Montana, US National Parks

Montana road trip, part IV: cowboys, old cars, & the prison museum

Next up on our Montana history tour: Deer Lodge, a small town with a surprising amount of history! We arrived mid-morning and our first stop was Grant-Kohrs National Historic Site. This is an old cattle ranch that’s still semi-active. They have horses and cattle on site and park workers give tours, talks, and demonstrations of life in the Little Blackfoot River Valley in the late 1800s.

From the parking lot, it’s a short walk out to the ranch buildings. This includes stables, barns, a bunkhouse for the cowboys, and the old ranch house built by John Francis Grant. At this time in US history, white settlers were migrating west in increasing numbers seeking land and riches through homesteading, ranching, or mining. Deer Lodge was over 1000 miles (1600 km) from the starting point of their journey. Grant made a name for himself by trading these settlers one healthy cow for two travel-weary cows. He would then bring the cows back to full strength over the winter and start the next season with nearly double the amount of cattle. At one point he owned well over 1000 cattle.

Ranch house built by Grant

Eventually, Grant grew tired of the increasingly unscrupulous cattle industry (easterners were coming west to ranch and get rich, and were doing so by not fulfilling promised business transactions and lying about how many cattle they owned in order to attract investors). Grant sold the ranch to a man named Conrad Kohrs and moved with his family to Canada.

Kohrs was a business-savvy fellow who realized it would be more profitable for him to not only raise the cattle but also butcher the cattle, thus controlling the supply and therefore prices. He sold to local miners and shipped the meat as far east as Chicago. This proved to be a fairly successful strategy and gave him enough financial stability to survive the Hard Winter of 1886-1887, in which especially severe weather caused the loss of more than 40% of all cattle in Montana.

That winter also brought about changes to ranching, as it proved that turning cattle loose on the open range and not caring for them could be catastrophic. Ranchers therefore begin erecting fences to confine their cattle to certain areas. Arriving homesteaders also began building fences around their properties to keep cattle out, essentially bringing an end to the open range. To care for their cattle, ranchers also began growing hay to feed the animals during the winter.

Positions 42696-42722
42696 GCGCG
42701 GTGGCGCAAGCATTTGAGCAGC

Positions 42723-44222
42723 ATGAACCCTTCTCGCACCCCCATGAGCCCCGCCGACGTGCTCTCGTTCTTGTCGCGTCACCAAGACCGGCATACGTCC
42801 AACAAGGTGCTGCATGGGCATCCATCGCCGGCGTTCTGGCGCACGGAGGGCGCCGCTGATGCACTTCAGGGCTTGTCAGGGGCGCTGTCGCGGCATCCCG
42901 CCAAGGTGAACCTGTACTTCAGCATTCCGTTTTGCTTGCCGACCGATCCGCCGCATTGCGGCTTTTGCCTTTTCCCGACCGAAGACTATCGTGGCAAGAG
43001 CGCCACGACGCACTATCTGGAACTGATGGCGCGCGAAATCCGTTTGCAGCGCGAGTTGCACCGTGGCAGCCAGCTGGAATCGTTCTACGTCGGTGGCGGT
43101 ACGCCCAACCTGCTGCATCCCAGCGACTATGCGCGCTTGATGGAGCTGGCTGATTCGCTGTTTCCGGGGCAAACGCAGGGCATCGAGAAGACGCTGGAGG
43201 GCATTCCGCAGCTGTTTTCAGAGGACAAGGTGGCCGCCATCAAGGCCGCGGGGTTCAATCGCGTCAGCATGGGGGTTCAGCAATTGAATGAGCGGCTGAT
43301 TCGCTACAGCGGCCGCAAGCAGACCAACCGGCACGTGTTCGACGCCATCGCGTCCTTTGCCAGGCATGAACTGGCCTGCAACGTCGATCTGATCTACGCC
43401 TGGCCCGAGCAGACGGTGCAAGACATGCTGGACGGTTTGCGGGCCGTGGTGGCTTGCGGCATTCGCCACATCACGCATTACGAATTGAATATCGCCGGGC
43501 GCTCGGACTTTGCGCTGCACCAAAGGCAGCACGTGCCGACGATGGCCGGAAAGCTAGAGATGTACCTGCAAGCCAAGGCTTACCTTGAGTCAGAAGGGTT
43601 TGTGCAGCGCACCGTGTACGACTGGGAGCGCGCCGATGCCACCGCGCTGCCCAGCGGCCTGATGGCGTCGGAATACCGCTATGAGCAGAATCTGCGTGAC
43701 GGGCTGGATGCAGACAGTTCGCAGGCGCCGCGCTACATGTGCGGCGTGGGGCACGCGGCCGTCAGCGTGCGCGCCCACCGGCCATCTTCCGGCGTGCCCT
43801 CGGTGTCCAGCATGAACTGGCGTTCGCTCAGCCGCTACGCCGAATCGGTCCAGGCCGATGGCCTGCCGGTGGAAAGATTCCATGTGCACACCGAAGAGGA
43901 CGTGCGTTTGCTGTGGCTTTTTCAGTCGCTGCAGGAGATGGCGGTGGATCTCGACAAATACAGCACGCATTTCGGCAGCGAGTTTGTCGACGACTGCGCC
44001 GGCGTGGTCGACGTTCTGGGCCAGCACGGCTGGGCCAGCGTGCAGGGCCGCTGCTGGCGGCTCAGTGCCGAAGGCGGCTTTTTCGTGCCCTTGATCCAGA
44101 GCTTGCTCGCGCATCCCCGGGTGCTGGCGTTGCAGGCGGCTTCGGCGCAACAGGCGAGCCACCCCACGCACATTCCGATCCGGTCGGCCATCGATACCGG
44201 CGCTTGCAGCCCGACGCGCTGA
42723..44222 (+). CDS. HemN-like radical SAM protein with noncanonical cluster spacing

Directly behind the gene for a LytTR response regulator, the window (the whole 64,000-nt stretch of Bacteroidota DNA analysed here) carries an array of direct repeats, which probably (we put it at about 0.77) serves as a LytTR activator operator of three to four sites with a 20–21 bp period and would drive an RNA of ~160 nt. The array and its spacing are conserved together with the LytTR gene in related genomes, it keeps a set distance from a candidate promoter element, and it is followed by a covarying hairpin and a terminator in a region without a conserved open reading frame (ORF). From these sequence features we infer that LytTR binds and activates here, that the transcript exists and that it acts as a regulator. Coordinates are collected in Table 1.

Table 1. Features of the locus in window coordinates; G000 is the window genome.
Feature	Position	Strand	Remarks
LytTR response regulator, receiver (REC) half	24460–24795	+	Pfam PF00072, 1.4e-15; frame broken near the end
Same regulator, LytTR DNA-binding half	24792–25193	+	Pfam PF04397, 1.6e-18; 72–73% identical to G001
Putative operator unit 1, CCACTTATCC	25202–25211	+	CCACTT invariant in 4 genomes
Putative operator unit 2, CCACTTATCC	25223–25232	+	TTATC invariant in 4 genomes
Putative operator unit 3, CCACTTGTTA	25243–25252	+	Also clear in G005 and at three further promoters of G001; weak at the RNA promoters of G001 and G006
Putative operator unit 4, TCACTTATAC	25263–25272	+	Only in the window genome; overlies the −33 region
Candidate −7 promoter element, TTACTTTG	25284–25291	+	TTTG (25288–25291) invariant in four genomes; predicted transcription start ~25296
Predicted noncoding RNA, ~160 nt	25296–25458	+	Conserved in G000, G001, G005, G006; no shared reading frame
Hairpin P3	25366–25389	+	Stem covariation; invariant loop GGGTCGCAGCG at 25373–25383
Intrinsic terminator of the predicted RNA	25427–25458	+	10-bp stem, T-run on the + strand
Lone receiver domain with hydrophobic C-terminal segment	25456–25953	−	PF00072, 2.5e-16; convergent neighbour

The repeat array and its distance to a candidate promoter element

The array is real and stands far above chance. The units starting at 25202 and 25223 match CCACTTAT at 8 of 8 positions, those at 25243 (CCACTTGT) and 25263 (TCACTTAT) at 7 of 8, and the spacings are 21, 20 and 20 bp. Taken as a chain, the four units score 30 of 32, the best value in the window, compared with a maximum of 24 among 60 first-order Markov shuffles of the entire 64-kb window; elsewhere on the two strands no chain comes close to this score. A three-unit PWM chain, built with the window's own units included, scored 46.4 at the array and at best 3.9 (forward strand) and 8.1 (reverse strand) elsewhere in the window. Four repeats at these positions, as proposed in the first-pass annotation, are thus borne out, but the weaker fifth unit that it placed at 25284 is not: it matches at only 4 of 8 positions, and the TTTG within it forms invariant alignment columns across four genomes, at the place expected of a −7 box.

We learned all of this and more from park rangers and exhibits at Grant-Kohrs. It was a really interesting place to visit and a nice depiction of what life was actually like out here back then (in contrast to movie depictions of the ranching and cowboy life, which are greatly exaggerated in many ways while neglecting to mention the skills and hard work involved).

Old farming equipment
Quarter horse
Blacksmith shop
A park worker made us some “cowboy coffee” (it was unfiltered and very strong)

Next, we jumped forward a few years to learn about life in the late 1800s and early 1900s. Lacking any real system of law enforcement in territorial Montana, vigilantes were taking it upon themselves to deal with an increasing population of lawless settlers. Eventually, the territorial legislature requested funds for the prison which was built in Deer Lodge in the 1870s.

It was used until 1979, when a new larger prison was built a few miles away. Today, the entire prison complex has been turned into a collection of museums. This includes the Prison Museum, the Montana Auto Museum, a toy museum, a pioneer museum, and the Powell County Museum. Admission to all 5 of them was $24 total for both of us… a great deal considering how much there is to see!

We began at the auto museum. I don’t know how a random museum in a small town in western Montana ended up with so many old cars, but it did. The cars ranged from 1903 through the 1970s and it was really neat to observe the gradual changes from the simplest cars that looked like little more than a buggy (they had no roof or windows, a 2 speed transmission, a hand crank starting mechanism, thin tires with spokes, and maxed out at 20 mph (32 kmh)) to the classic cars of the 1970s.

1903 Ford Model A Runabout
Ford, c. 1910
Ford, c. 1910
1914 Detroit Electric Car (I didn’t realize electric cars had existed for over 100 years!)
1915 Seagrave chemical fire truck
1929 Ford Model A station wagon
1933 Kozy Kamp pop-up trailer (also something I didn’t know had existed for so many years)
1948 Ford Super Deluxe Woodie
Sebring Vanguard electric car, c. 1970

Next up was the prison museum. This was a great self-guided tour using a pamphlet we received with admission. It walked us through the whole complex located within the 24 foot (7 m) high stone walls. We were able to step into prison cells, see the maximum security and solitary confinement areas, the yard, mess hall, showers, and even the underground tunnel system that was used by security personnel.

As is the case today, overcrowding was an almost constant issue at the prison. In 1896, the prisoners themselves constructed a new building with 256 additional cells. It’s no longer standing, as it was heavily damaged by an earthquake in 1959. However, a second additional cell house which was constructed in 1912 is still fully intact. Pretty much everything I knew about prisons was based on TV shows and movies so it was interesting to see and learn what things were actually like.

Montana Prison Museum
1912 cell block
Visiting area

We also spent a few minutes in each of the other 3 museums. They involved much less reading and much more looking at collections of old items. After spending most of the day reading and listening and learning, we were happy to end the day by just doing some looking.

Toy Museum
A small outdoor exhibit

Across the street was a small outdoor railroad exhibit commemorating the driving of the last spike in the Northern Pacific Railroad which linked Lake Superior in the midwest with Portland and Seattle on the west coast. The last spike was placed about 20 miles (32 km) north of Deer Lodge in September 1883, and a massive celebration was held a couple weeks later to mark the event.